When a loved one passes away, family members often don't worry about their credit report. However, if you're the executor of an estate, among your many responsibilities is notifying the three major credit bureaus of that person's death.
When notified of a death, the credit bureaus -- Experion, Equifax and TransUnion -- will place a death notice on the person's credit reports and seal them. This can help prevent credit fraud by someone illegally using your loved one's information.
You can deal with the credit bureaus as you go about closing your loved one's accounts, including their credit cards, and notifying lenders of the death. However, it's important to ask the credit bureaus for a copy of the credit report and review it to make sure that you've closed all open accounts and loans listed on it (assuming they aren't jointly held with someone who's still alive) -- even if they don't have a balance.
The credit bureaus will require you to provide information about the deceased person, such as their legal name, birth date and Social Security number, as well as proof that they've passed away (such as a copy of the death certificate).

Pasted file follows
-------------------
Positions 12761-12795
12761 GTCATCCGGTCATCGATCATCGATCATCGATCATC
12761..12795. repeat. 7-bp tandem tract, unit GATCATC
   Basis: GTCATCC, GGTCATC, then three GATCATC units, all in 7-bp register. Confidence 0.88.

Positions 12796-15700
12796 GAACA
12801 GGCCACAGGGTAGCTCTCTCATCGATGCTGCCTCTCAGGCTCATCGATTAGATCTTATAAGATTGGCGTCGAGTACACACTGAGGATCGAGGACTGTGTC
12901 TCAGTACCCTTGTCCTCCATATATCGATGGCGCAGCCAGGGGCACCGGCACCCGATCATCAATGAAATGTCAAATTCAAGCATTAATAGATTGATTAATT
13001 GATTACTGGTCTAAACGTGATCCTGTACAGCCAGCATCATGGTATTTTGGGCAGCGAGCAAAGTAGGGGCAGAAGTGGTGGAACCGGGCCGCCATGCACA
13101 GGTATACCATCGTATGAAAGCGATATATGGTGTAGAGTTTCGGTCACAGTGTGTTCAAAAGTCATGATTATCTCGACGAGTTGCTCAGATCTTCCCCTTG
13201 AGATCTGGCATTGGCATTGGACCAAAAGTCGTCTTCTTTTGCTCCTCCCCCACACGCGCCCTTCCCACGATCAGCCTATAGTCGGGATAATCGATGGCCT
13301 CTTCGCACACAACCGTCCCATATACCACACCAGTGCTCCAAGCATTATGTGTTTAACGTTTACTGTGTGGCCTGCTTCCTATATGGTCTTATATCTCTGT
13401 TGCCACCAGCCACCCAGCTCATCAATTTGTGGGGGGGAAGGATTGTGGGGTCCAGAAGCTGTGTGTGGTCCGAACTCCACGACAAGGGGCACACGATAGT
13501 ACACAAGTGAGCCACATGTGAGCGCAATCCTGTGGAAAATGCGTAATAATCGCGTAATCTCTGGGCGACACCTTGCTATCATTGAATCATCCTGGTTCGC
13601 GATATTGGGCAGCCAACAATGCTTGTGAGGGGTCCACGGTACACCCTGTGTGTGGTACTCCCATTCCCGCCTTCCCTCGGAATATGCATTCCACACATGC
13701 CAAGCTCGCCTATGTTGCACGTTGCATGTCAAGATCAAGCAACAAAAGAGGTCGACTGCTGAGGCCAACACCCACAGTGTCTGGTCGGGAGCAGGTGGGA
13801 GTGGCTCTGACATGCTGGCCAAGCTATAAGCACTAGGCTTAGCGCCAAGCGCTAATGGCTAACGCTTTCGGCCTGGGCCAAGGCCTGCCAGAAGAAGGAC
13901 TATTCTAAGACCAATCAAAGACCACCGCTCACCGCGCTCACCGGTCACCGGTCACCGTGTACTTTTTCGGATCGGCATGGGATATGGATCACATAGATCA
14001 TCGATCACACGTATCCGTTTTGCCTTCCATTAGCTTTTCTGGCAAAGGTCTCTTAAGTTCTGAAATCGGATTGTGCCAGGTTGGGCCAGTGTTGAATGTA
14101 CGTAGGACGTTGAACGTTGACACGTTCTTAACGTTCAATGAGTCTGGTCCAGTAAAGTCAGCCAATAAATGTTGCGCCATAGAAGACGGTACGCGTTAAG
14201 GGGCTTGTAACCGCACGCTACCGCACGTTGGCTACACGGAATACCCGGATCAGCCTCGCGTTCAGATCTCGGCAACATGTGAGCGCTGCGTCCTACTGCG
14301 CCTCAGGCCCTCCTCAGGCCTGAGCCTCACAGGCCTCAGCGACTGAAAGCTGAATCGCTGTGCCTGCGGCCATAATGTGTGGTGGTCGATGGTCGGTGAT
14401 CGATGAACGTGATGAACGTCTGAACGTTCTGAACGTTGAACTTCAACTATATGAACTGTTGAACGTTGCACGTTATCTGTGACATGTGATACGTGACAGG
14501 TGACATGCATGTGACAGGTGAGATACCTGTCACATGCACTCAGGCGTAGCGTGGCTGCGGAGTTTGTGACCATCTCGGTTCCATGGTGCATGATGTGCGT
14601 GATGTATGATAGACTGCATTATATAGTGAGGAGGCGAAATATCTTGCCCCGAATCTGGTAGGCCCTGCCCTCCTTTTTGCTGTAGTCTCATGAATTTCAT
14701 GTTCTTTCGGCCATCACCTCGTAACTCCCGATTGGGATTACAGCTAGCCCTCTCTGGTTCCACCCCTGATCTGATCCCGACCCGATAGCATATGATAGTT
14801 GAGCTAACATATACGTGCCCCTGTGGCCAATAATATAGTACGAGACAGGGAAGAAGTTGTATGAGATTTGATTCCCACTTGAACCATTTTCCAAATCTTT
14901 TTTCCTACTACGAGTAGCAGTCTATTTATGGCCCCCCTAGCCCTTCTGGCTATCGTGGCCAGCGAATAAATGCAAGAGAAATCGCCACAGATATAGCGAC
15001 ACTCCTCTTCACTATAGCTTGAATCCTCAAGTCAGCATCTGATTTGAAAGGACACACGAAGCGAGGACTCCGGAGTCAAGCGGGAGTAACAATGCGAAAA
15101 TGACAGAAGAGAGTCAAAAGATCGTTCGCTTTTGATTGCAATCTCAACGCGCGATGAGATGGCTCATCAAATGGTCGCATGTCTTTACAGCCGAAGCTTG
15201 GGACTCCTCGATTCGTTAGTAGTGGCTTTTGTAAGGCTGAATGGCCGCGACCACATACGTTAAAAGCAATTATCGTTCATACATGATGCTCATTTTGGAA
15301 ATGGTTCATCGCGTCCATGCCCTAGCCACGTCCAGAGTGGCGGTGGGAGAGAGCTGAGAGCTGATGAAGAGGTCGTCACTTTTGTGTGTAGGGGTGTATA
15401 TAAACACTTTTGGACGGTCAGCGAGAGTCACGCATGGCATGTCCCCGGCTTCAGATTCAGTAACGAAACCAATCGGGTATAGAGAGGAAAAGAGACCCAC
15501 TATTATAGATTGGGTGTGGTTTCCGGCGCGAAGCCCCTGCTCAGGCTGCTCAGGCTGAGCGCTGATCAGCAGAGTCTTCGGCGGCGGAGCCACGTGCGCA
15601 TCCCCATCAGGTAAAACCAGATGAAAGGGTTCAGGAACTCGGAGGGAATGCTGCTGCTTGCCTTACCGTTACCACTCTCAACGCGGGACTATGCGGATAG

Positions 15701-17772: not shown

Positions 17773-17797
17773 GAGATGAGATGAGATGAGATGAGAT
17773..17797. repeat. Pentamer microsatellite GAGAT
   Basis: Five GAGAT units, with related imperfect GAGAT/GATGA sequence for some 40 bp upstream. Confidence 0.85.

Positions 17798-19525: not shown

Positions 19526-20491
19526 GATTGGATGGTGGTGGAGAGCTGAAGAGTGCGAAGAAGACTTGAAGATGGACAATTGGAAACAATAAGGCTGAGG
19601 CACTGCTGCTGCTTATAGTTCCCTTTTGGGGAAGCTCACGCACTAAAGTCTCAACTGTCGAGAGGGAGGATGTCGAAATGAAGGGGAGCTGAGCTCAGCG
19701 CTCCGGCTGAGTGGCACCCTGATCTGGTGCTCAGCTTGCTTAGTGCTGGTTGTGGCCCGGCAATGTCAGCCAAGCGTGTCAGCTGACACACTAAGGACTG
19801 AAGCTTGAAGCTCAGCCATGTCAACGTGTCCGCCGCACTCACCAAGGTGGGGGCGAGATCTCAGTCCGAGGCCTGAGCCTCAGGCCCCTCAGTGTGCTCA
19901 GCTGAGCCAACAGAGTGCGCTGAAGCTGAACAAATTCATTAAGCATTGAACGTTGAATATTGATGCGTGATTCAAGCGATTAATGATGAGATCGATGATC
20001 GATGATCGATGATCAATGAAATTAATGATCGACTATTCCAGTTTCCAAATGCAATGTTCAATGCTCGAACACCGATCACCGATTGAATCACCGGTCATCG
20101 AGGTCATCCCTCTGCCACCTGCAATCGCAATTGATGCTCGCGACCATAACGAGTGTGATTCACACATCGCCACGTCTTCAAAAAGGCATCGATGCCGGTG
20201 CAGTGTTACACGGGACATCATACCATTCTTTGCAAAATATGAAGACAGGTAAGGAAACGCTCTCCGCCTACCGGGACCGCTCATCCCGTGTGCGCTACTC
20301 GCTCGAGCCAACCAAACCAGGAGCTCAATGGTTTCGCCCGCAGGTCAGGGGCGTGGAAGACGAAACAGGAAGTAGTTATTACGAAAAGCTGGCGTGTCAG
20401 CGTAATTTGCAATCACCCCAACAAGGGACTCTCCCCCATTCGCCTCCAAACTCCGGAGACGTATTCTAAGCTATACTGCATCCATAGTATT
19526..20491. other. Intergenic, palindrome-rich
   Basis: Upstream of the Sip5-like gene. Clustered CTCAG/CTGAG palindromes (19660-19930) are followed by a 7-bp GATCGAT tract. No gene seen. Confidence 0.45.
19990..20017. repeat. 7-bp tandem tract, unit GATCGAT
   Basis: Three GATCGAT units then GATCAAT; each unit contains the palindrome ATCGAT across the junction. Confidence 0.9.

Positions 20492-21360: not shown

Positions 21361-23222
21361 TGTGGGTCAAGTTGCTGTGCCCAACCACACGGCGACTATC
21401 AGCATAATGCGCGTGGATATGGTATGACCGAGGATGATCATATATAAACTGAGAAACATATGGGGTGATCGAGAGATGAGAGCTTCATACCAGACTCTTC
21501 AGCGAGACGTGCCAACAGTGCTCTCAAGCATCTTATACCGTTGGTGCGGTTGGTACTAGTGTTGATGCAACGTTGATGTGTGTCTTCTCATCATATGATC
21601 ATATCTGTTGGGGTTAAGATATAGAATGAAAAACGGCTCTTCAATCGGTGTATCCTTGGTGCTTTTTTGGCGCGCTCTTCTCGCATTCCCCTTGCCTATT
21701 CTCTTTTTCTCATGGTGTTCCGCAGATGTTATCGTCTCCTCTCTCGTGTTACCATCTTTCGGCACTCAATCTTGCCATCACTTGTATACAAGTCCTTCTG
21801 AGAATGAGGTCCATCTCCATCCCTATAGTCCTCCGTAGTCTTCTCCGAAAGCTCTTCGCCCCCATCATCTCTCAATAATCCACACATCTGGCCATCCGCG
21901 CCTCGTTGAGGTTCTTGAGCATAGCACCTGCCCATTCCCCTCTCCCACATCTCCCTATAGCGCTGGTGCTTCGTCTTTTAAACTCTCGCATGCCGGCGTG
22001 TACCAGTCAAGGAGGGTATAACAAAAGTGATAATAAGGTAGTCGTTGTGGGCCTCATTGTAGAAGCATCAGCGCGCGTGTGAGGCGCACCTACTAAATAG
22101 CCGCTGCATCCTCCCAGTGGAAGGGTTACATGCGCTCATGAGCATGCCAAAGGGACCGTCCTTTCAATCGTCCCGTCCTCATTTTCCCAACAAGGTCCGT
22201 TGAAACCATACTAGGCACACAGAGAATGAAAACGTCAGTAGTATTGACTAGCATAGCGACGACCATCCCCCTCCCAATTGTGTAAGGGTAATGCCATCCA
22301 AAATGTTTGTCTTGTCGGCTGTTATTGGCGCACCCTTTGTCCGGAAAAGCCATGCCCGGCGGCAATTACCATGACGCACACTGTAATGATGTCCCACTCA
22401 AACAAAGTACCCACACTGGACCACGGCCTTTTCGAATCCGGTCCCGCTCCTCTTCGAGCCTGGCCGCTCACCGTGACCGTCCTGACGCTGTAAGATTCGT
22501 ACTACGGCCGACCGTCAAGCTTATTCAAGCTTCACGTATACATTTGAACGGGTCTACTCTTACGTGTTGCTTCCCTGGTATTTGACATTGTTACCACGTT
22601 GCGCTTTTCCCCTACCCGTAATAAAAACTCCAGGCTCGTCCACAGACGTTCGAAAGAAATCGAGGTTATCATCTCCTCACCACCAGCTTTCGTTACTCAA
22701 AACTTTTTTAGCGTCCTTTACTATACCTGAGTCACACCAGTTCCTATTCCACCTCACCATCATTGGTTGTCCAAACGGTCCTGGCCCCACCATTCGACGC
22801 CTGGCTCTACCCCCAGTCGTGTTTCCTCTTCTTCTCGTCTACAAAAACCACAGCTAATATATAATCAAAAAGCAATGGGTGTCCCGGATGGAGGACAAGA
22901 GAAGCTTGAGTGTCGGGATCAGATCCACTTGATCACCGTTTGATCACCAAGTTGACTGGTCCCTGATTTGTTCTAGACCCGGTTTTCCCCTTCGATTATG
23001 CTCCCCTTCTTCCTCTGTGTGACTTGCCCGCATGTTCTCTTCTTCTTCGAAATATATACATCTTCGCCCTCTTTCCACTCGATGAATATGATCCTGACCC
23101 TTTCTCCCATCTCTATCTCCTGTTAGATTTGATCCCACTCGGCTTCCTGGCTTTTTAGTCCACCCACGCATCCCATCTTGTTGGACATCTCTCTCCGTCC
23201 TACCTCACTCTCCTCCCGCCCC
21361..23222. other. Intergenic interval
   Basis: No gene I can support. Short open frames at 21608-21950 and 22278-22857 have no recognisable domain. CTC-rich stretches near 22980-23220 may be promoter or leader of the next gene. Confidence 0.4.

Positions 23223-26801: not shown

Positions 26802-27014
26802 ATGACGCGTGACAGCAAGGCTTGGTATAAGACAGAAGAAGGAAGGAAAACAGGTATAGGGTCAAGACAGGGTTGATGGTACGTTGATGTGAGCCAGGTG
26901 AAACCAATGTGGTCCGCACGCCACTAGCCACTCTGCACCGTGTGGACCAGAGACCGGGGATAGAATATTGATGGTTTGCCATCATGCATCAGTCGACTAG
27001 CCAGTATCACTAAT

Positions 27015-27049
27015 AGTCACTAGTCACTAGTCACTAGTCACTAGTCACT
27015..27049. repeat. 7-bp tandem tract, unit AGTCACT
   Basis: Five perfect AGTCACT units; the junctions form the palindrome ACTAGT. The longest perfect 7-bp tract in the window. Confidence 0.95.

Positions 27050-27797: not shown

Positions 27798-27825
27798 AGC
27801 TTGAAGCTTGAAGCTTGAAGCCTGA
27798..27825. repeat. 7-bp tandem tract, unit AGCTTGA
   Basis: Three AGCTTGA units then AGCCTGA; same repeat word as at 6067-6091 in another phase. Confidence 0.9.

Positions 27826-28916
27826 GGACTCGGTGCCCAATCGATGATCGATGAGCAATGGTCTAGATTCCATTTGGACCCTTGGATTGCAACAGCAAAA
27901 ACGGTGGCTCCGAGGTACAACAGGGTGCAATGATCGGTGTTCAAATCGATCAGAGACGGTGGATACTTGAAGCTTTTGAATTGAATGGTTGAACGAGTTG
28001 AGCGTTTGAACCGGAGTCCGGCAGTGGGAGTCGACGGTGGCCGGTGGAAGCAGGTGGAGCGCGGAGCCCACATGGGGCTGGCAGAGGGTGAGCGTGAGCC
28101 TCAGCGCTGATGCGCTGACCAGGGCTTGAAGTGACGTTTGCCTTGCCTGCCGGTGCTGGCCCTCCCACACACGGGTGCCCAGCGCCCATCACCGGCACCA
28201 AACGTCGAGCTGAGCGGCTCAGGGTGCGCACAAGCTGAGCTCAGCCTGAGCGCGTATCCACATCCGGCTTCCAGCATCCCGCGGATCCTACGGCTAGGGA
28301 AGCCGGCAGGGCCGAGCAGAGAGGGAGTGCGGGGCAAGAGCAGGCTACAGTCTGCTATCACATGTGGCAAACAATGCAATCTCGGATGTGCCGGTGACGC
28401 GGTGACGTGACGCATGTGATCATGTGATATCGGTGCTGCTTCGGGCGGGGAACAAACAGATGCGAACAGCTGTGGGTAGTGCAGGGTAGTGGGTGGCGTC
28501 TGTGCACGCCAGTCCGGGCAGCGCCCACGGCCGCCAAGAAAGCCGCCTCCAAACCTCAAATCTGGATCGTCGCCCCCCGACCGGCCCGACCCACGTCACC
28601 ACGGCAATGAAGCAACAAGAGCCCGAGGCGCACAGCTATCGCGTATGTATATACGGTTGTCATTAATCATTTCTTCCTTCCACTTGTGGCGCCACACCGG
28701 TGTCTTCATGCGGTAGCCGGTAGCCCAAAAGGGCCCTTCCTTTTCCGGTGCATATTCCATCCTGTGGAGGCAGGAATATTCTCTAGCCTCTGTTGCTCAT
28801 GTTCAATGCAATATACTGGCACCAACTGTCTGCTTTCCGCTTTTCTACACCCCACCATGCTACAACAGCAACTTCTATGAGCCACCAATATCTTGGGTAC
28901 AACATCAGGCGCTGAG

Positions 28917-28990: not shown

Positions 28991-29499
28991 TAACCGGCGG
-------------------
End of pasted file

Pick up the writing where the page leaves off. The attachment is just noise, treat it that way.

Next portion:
It's essential to contact each bureau separately to find out what information and documentation each one needs, as it may vary. Make copies of any documentation you send them, and be sure that you send it using certified mail or some other means of tracking it.
When you receive your loved one's credit reports, if there are accounts or loans listed that you have questions or concerns about, your estate planning attorney can help you. It's a good idea to watch your loved one's mail and email accounts for a time after their death so that you can catch any suspicious notifications or activity. Sadly, there are a lot of unscrupulous people out there who take advantage of people's deaths and of the loved ones they've left behind.